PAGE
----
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https://www.readbyqxmd.com/read/28209122/effects-and-meanings-of-a-person-centred-and-health-promoting-intervention-in-home-care-services-a-study-protocol-of-a-non-randomised-controlled-trial
#1
Karin Bölenius, Kristina Lämås, Per-Olof Sandman, David Edvardsson
BACKGROUND: The literature indicates that current home care service are largely task oriented with limited focus on the involvement of the older people themselves, and studies show that lack of involvement might reduce older people's quality of life. Person-centred care has been shown to improve the satisfaction with care and quality of life in older people cared for in hospitals and nursing homes, with limited published evidence about the effects and meanings of person-centred interventions in home care services for older people...
February 16, 2017: BMC Geriatrics
https://www.readbyqxmd.com/read/28173208/conscience-and-agent-integrity-a-defence-of-conscience-based-exemptions-in-the-health-care-context
#2
Mary Neal, Sara Fovargue
No abstract text is available yet for this article.
November 1, 2016: Medical Law Review
https://www.readbyqxmd.com/read/28160054/a-simple-method-for-international-standardization-of-photographic-documentation-for-aesthetic-plastic-surgery
#3
Seung Chul Rhee
: Due to the lack of internationally standardized, objective, and scientific photographic standardization methods, differences in photographic documents have gravely affected the truth of surgical outcomes by visual misperception or illusion, thus hindering the development of plastic surgery clinically and scholastically. Here I suggest a simple method for standardization of facial photographs. The method consists of an imaginary transverse line (tentatively the "PSA line") rather than the Frankfort horizontal plane and uses a white background with black grids and standard RGB with CMYK circles...
February 3, 2017: Aesthetic Plastic Surgery
https://www.readbyqxmd.com/read/28138444/conscience-imperative-of-providing-information-and-knowledge-in-hepatology-the-portuguese-approach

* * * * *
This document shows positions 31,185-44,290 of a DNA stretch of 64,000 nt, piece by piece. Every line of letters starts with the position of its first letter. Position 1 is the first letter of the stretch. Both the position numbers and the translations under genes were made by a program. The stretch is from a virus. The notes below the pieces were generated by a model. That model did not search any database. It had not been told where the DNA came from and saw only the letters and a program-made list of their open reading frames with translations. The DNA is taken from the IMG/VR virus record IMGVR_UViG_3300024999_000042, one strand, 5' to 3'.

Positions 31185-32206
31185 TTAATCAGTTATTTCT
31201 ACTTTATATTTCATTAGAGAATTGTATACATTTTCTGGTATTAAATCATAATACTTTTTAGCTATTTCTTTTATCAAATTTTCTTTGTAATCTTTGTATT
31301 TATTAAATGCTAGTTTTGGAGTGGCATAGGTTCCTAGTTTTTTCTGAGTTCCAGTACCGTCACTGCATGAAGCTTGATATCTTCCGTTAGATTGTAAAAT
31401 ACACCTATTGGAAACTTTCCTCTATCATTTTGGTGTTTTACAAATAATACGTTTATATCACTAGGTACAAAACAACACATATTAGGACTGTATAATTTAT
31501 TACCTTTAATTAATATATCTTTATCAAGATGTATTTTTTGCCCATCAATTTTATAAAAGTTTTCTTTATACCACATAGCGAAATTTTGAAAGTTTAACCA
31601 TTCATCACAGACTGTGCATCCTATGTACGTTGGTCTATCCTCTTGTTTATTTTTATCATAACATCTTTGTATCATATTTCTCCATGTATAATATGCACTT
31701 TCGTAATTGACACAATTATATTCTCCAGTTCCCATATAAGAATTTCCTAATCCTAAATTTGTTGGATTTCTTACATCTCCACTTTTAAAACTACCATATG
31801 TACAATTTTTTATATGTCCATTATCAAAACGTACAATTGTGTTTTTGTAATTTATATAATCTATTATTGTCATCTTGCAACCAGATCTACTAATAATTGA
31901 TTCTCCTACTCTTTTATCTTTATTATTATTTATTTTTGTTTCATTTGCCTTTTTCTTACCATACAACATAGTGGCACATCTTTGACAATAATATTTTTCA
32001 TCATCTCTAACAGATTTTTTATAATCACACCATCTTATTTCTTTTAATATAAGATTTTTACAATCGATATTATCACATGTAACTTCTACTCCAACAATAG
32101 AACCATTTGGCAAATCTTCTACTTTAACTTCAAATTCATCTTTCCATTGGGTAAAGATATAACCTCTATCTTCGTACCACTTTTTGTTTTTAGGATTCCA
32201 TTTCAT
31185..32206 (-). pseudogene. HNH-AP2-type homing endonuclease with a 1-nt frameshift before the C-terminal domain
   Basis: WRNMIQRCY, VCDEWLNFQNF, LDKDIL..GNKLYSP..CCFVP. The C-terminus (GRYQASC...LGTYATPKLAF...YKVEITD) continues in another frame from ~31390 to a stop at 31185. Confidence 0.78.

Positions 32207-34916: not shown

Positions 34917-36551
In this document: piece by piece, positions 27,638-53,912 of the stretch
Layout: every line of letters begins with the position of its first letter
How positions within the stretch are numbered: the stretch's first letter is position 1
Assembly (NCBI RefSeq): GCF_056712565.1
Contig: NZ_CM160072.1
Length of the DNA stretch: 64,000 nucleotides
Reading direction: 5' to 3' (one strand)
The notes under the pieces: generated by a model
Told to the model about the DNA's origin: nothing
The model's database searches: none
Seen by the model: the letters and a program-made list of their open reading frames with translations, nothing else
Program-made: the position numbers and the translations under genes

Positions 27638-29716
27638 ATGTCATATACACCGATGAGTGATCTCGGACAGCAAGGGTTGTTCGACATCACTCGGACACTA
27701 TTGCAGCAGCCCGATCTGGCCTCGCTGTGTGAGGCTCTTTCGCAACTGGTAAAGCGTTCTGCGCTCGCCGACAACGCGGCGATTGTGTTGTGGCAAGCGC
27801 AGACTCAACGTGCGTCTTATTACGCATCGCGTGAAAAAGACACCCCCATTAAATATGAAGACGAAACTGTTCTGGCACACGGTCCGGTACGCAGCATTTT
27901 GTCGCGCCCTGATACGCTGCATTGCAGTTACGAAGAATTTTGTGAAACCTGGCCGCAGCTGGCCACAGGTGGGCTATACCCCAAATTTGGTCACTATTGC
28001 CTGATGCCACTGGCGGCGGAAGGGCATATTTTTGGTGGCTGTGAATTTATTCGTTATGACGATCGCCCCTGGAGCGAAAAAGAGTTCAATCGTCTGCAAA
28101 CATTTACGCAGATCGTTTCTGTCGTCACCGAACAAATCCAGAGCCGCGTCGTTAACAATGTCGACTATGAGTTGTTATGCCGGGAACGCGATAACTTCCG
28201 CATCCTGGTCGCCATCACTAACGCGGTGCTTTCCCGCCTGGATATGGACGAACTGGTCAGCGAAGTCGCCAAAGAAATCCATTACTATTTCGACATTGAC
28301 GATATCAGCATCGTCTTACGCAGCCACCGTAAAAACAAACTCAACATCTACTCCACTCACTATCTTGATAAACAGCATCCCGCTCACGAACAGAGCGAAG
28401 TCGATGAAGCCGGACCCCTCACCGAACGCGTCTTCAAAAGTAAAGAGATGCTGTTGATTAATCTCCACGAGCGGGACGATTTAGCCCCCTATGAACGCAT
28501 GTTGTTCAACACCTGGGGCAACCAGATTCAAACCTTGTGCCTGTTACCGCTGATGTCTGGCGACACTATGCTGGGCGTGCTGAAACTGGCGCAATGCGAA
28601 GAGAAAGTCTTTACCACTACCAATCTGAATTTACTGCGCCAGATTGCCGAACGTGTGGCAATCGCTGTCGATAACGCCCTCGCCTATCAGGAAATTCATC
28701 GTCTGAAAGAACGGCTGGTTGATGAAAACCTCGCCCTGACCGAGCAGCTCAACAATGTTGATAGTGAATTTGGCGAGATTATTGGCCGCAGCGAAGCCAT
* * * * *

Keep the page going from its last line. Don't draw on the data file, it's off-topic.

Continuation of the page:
#4
Guilherme Macedo, Marco Silva
The last 25 years have been a thrilling time for the Portuguese hepatologists. Our national meetings have been providing the forum for the exchange of scientific ideas and the presentation of clinical research in clinical Hepatology, a growing world of knowledge in medical care. Bridging the gaps between technology and clinical daily practice, the latest development and the almost humble bedside care, has been a challenge for the increasing numbers of doctors devoted to the diagnostic and treatment of liver disease...
January 16, 2017: World Journal of Clinical Cases
https://www.readbyqxmd.com/read/28095791/a-person-centred-and-thriving-promoting-intervention-in-nursing-homes-study-protocol-for-the-u-age-nursing-home-multi-centre-non-equivalent-controlled-group-before-after-trial
#5
David Edvardsson, Karin Sjögren, Qarin Lood, Ådel Bergland, Marit Kirkevold, Per-Olof Sandman
BACKGROUND: The literature suggests that person-centred care can contribute to quality of life and wellbeing of nursing home residents, relatives and staff. However, there is sparse research evidence on how person-centred care can be operationalised and implemented in practice, and the extent to which it may promote wellbeing and satisfaction. Therefore, the U-Age nursing home study was initiated to deepen the understanding of how to integrate person-centred care into daily practice and to explore the effects and meanings of this...
January 17, 2017: BMC Geriatrics
https://www.readbyqxmd.com/read/28050912/conflicts-of-conscience-in-the-neonatal-intensive-care-unit
#6
Natalie J Ford, Wendy Austin
BACKGROUND: Limited knowledge of the experiences of conflicts of conscience found in nursing literature. OBJECTIVES: To explore the individual experiences of a conflict of conscience for neonatal nurses in Alberta. RESEARCH DESIGN: Interpretive description was selected to help situate the findings in a meaningful clinical context. Participants and research context: Five interviews with neonatal nurses working in Neonatal Intensive Care Units throughout Alberta...
January 1, 2017: Nursing Ethics
https://www.readbyqxmd.com/read/28050880/the-discomfort-of-an-educator-s-critical-conscience-the-case-of-problem-based-learning-and-other-global-industries-in-medical-education
#7
Janneke M Frambach, Maria Athina Tina Martimianakis
No abstract text is available yet for this article.
February 2017: Perspectives on Medical Education
https://www.readbyqxmd.com/read/28042920/being-a-close-family-member-of-a-person-with-dementia-living-in-a-nursing-home
#8
Berit Seiger Cronfalk, Britt-Marie Ternestedt, Astrid Norberg